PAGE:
After news surfaced last week that Kyrie Irving requested a trade from the Cleveland Cavaliers, the team seems to have found its (a?) replacement point guard in Derrick Rose.

According to Yahoo! Sports, the deal is all but done.

Given Rose’s position, and the fact that he probably doesn’t want to be a backup, this looks like more of an indication that Irving will indeed be traded. However, Irving is a polarizing player—his defense can, at times, leave a lot to be desired, and he’s a streaky shooter—and it’s unclear whether the Cavs could really get very much in return for him.

If Rose is the only point guard that comes in to take Irving’s role, it could be a long season.

Rose averaged 18 points per game with the Knicks last year, but the efficiency numbers told a different story, as Rose shot just 22 percent from three and 49 percent from inside the arc. His raw numbers should decrease on a team with LeBron James, but James could also make him a better player. Still, this is not the same Rose that won the 2010-11 MVP Award and has since suffered multiple season-ending injuries.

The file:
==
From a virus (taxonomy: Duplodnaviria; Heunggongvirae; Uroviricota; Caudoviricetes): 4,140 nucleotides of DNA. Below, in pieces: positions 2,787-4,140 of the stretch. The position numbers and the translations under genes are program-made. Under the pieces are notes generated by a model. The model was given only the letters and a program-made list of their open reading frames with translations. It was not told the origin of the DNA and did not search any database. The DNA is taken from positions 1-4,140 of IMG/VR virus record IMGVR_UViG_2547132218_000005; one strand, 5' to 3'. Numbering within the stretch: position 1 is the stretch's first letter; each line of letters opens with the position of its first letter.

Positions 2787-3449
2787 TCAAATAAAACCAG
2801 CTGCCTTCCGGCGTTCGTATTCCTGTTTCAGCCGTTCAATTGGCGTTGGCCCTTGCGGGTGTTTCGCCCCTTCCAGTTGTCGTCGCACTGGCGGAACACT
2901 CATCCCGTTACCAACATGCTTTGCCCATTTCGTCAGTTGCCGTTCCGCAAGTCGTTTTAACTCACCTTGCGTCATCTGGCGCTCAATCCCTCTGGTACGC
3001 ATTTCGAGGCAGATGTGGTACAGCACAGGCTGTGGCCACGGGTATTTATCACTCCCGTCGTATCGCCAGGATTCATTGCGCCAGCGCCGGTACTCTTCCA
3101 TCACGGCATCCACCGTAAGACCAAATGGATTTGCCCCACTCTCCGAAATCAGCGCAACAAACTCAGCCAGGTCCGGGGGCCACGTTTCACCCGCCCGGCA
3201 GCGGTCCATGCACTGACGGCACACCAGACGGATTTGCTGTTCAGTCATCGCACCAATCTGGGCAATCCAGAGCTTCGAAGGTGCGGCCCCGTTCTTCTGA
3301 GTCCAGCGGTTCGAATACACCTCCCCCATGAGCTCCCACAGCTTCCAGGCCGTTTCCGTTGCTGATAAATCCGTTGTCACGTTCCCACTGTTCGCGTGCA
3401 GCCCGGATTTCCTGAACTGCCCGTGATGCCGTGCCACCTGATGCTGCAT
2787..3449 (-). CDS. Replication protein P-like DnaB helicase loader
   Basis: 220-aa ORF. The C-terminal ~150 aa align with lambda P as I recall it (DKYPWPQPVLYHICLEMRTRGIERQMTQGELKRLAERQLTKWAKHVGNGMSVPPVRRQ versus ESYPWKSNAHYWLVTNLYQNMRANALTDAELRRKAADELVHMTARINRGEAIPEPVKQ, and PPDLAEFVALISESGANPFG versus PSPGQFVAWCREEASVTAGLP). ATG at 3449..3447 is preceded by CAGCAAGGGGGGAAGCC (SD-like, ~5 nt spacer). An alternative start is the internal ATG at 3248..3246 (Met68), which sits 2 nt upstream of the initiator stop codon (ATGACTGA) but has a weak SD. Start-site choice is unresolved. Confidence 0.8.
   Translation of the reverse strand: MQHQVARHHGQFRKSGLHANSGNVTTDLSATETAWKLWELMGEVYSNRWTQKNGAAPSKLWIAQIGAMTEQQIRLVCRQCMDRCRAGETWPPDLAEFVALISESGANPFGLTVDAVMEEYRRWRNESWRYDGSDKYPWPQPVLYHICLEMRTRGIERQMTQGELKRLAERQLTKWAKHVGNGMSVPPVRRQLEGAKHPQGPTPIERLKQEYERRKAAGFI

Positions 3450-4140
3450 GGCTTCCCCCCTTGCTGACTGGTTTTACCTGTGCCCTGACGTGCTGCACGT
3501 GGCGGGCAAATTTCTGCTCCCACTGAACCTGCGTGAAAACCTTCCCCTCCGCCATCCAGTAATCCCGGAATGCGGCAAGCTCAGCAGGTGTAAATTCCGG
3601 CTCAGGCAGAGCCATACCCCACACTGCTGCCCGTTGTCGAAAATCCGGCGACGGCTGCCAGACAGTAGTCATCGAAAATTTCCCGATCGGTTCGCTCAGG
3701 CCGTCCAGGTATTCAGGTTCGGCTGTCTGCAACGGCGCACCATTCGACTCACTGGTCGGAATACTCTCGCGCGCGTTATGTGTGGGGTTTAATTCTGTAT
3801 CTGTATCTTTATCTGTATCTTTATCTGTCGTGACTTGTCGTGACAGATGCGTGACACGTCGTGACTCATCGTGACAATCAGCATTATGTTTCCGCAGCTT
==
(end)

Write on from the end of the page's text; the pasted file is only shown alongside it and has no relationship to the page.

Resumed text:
Rose also has a questionable history off the court. He was sued for sexual assault, and while he was not found liable, he said he did not know what consent means and that he just assumed his ex-girlfriend wanted to have sex.

Despite once being the best player in the league, Rose’s value has dropped considerably, as evidenced by his latest reported contract with Cleveland.

It’s probably easier to revitalize a career with this Cavs team than with the current state of the Knicks, but is Rose really the guy the Cavs want? Ultimately, if this means Irving is gone, the Rose acquisition leaves a lot to be desired.

For what it’s worth, LeBron seems excited about Rose joining the Cavs:

About Kevin Trahan

Kevin mostly covers college football and college basketball, with an emphasis on NCAA issues and other legal issues in sports. He is also an incoming law student. He's written for SB Nation, USA Today, VICE Sports, The Guardian and The Wall Street Journal, among others. He is a graduate of Northwestern University.